What Is Acupuncture?
In its modern form, acupuncture has
existed for more than 2,000 years, but the first record of
acupuncture is found to date back to nearly 5,000 years ago.
Acupuncture is the insertion of fine needles into specific locations
on the body shown to be effective in the treatment of health
problems. There are as many as 2,000 acupuncture points on the body
each having a different effect on the Qi (energy) passing through
it. Through examination and conversation, an acupuncturist learns
to balance an imbalance in the body and creates a treatment program
that is unique to the patient.
How Does It Work?
There are many theories about this,
ancient and modern. Acupuncture is based on ancient theories of the
flow of Qi (Energy) through the meridians or pathways that
cover the body somewhat like the nerves and blood vessels do. Some
explain that the insertion of the needles creates a ripple of Qi
through the body; others use a microcosmic viewpoint and map the
body onto a particular region such as the ear or hand. For the
West, most people think of acupuncture as stimulating the nervous
system since many points are located at, or near neural
Does It Hurt?
Prior to the first acupuncture
treatment, many wonder if it will hurt. While certain areas of the
body are more sensitive than others, the sensation generally varies
from, warmth, pressure, distension, numbness and often a light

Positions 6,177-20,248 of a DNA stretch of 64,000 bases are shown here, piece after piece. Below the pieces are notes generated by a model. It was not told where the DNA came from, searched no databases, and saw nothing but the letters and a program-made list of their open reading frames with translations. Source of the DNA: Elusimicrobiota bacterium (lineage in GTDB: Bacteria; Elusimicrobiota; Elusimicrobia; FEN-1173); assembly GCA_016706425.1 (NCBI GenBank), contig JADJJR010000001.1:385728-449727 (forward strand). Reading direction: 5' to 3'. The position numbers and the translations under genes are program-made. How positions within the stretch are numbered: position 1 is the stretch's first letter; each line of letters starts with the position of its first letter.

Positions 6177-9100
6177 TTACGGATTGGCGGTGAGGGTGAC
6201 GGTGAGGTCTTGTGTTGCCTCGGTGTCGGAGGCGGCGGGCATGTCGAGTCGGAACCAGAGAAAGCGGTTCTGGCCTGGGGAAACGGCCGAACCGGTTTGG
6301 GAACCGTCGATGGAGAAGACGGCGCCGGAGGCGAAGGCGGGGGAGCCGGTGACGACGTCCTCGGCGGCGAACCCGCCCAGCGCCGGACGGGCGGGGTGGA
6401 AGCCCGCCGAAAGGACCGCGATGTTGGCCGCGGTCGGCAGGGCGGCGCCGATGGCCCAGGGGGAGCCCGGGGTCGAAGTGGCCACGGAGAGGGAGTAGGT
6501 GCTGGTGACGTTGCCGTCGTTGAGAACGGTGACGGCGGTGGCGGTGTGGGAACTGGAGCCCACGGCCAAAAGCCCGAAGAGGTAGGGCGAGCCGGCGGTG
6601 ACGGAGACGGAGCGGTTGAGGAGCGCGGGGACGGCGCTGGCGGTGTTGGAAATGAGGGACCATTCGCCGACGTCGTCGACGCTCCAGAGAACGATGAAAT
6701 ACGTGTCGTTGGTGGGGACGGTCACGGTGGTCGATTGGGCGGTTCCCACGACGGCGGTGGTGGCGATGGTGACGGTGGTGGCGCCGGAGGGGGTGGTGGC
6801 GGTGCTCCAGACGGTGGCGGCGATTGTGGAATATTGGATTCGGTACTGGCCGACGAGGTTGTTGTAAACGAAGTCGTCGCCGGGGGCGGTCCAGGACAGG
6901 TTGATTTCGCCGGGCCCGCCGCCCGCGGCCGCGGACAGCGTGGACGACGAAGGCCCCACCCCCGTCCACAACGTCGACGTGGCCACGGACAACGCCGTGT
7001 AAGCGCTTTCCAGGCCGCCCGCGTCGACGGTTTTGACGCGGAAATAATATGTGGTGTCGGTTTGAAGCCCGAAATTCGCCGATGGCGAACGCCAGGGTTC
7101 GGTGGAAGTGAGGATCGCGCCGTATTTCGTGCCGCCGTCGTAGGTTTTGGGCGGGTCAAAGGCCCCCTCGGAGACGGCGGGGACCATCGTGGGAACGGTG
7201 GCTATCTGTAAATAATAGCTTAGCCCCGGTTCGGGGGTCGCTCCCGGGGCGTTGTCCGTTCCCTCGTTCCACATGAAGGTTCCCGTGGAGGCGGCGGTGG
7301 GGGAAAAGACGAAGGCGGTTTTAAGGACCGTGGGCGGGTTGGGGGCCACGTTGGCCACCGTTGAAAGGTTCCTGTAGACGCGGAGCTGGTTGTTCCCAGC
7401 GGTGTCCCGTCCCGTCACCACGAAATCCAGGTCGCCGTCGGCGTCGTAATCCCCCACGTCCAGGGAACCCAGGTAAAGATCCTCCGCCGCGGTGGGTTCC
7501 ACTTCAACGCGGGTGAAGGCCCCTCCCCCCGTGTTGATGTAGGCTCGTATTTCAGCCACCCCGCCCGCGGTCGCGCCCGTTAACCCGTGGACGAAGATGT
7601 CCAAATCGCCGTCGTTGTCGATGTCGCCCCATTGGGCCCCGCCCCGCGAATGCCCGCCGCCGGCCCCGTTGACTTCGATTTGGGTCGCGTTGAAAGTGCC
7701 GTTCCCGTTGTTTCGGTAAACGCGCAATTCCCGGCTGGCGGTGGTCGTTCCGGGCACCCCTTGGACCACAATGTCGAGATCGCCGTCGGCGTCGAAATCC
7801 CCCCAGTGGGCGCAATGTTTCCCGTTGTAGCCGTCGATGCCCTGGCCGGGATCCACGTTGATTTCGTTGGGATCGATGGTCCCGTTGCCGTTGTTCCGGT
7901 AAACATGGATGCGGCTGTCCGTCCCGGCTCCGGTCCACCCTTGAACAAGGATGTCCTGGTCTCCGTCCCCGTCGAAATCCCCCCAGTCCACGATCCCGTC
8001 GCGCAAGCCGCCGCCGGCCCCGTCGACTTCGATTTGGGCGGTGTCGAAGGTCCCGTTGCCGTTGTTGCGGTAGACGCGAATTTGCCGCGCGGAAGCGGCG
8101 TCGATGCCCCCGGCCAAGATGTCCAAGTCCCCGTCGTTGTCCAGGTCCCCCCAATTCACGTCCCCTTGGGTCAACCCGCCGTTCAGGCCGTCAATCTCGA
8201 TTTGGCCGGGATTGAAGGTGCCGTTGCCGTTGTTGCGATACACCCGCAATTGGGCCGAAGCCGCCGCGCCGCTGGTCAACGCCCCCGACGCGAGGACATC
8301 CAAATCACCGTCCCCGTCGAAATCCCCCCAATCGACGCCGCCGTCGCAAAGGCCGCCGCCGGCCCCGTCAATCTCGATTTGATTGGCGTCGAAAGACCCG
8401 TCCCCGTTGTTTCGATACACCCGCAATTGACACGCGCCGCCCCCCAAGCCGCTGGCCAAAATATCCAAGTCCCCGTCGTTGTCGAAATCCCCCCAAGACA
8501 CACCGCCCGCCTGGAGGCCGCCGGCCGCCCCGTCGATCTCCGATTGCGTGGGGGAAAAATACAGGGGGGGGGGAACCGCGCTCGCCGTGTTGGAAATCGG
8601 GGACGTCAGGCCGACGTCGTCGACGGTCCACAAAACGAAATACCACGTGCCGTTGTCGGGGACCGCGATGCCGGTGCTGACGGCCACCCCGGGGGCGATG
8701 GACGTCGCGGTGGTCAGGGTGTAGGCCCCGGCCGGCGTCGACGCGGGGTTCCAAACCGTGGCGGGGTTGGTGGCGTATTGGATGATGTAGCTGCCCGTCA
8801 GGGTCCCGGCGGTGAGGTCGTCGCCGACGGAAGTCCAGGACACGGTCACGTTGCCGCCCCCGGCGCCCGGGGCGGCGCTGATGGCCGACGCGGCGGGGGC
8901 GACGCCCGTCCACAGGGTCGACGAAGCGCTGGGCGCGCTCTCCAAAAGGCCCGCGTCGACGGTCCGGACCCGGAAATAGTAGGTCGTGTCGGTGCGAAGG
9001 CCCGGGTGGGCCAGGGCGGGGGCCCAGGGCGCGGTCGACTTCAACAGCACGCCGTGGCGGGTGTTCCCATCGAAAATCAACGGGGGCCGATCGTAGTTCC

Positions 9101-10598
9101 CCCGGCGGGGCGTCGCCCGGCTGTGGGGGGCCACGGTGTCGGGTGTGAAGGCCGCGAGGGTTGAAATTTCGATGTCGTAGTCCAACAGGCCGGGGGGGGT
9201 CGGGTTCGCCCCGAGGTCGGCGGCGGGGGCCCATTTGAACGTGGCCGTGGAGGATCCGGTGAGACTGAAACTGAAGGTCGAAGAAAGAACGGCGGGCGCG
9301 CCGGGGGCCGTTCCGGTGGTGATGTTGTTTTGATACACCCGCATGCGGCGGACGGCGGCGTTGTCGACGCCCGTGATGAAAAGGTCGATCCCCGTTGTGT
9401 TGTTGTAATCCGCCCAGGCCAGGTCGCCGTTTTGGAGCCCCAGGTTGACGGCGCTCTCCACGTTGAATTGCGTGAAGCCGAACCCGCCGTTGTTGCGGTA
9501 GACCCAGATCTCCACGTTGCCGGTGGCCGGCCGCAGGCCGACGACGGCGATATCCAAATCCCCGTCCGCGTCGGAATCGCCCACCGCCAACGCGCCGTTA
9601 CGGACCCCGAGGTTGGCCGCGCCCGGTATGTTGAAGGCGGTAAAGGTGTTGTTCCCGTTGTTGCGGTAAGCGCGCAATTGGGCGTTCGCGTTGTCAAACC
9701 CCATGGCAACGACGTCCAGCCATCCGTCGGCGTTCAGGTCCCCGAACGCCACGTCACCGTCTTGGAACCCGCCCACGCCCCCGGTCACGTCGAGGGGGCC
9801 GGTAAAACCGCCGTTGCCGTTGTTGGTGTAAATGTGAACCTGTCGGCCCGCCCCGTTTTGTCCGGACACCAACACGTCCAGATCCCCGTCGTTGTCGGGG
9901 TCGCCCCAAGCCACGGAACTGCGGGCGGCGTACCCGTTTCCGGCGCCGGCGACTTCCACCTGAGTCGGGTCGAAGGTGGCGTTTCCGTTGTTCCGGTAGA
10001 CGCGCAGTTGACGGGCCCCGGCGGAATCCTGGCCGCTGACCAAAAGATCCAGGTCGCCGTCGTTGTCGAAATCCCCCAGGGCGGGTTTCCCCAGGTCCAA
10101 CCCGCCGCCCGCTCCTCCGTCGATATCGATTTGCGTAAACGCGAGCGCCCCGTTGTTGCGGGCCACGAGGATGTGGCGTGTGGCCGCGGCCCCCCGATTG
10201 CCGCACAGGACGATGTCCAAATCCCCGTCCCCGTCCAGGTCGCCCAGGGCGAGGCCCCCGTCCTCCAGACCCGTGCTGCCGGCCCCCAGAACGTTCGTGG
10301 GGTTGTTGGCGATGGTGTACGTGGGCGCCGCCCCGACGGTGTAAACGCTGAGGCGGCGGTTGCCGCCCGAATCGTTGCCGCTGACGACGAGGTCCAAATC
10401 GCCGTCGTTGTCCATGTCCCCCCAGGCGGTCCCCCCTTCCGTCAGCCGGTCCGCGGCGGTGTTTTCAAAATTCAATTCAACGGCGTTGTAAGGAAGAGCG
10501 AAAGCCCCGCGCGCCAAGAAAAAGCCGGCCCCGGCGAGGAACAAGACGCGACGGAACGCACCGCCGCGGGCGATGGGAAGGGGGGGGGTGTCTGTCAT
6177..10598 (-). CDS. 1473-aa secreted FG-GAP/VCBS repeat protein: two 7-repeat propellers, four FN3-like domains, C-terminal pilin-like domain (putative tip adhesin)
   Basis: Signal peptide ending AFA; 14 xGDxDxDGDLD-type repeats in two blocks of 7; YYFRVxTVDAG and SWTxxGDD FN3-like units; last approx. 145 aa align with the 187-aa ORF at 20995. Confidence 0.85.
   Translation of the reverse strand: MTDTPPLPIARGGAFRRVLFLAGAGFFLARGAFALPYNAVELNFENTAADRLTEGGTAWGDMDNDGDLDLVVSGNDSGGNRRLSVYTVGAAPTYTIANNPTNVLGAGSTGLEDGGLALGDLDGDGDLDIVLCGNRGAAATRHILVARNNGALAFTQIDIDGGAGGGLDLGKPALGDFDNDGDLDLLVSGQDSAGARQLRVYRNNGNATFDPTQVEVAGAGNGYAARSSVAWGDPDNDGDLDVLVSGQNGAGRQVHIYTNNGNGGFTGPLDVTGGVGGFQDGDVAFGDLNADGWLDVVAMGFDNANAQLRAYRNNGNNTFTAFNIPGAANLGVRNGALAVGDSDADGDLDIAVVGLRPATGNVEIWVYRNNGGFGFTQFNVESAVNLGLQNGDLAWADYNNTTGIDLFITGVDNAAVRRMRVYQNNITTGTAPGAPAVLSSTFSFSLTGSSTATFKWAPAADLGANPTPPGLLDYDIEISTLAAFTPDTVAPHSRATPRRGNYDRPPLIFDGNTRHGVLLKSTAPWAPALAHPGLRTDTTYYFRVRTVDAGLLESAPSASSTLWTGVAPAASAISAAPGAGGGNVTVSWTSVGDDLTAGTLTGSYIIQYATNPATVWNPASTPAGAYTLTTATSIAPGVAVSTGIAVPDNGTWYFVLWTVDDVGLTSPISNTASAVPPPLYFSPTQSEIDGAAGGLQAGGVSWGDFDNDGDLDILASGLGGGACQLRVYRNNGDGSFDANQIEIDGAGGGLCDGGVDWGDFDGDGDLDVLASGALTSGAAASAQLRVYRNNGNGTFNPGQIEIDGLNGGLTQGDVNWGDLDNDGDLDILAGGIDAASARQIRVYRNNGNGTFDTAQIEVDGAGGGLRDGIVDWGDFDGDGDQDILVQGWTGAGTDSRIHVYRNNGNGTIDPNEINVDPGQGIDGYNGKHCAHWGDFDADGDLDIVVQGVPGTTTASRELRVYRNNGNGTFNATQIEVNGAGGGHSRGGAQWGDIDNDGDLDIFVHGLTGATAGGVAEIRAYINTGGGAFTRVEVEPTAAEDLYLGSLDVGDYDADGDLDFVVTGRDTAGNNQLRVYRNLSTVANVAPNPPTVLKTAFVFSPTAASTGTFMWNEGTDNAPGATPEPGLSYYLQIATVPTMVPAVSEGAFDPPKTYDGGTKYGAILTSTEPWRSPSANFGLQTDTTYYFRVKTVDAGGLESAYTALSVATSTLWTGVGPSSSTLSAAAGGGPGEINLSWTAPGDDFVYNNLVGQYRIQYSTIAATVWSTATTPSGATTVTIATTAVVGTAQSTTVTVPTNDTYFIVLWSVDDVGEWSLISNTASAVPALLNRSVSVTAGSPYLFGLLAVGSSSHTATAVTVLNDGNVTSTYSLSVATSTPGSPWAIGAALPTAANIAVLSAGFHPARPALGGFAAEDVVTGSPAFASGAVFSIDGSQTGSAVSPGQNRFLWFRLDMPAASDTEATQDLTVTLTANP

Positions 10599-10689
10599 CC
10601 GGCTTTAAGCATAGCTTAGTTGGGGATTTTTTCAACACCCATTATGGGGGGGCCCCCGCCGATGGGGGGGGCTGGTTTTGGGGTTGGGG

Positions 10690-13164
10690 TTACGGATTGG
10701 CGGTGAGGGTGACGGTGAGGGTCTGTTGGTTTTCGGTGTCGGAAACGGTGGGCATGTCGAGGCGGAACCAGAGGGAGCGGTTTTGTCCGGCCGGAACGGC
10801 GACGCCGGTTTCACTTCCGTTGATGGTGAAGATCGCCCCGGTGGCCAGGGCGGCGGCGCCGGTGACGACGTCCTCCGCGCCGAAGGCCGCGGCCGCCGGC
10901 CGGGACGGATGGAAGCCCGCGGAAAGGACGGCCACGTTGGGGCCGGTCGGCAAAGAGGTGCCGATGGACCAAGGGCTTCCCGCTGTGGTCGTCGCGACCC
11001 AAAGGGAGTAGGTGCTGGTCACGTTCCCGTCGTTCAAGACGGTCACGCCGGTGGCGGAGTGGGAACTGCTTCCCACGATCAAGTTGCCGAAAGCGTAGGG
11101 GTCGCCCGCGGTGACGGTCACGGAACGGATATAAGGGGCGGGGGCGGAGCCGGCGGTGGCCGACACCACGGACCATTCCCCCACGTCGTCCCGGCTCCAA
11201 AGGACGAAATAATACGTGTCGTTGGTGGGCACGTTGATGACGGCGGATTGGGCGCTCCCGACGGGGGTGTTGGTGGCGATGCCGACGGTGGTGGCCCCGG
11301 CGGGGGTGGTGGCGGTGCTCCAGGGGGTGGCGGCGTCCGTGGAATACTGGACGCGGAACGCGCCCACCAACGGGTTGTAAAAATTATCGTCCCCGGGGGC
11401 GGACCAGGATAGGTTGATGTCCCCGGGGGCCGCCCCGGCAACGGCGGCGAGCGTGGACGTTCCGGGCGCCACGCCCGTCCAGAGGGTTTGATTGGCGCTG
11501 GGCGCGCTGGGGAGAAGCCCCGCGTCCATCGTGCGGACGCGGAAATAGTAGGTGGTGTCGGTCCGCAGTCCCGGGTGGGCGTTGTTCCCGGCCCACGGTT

electrical sensation along the course of an acupuncture channel.
Is It Safe?
When practiced by a licensed, trained acupuncturist, acupuncture is
extremely safe. As a system of health care, acupuncture has
several inherent safeguards. Because the treatment is
drug-free, there is no worry of having to take any medication or
suffer from adverse reaction. The needles are only used once
and then disposed after the treatment. Slight bruising may
occur, but this is rare.
What Can Acupuncture Do?
Many people use acupuncture for painful
conditions such as headaches, back and neck pain or arthritis, but
acupuncture has a very long history of treating neuromuscular
conditions (such as insomnia and dizziness); emotional &
psychological disorders (depression and anxiety); circulatory
disorders (hypertension and angina); addictions to alcohol, nicotine
and other drugs; respiratory disorders (allergies and bronchitis);
and gastrointestinal conditions (gastritis and bowel diseases).
How Many Treatments Will I Need?
That depends upon the duration,
severity, and nature of your complaint. You may need only a single
treatment for an acute condition. A series of five to fifteen
treatments may resolve many chronic problems. Some degenerative
conditions may require many treatments over time.
How Long is the Treatment?
This varies depending on the
condition. Visiting an acupuncturist generally takes longer than
visiting a medical doctor. You should expect to spend 30-60 minutes
for your first visit, and then with subsequent visits less time is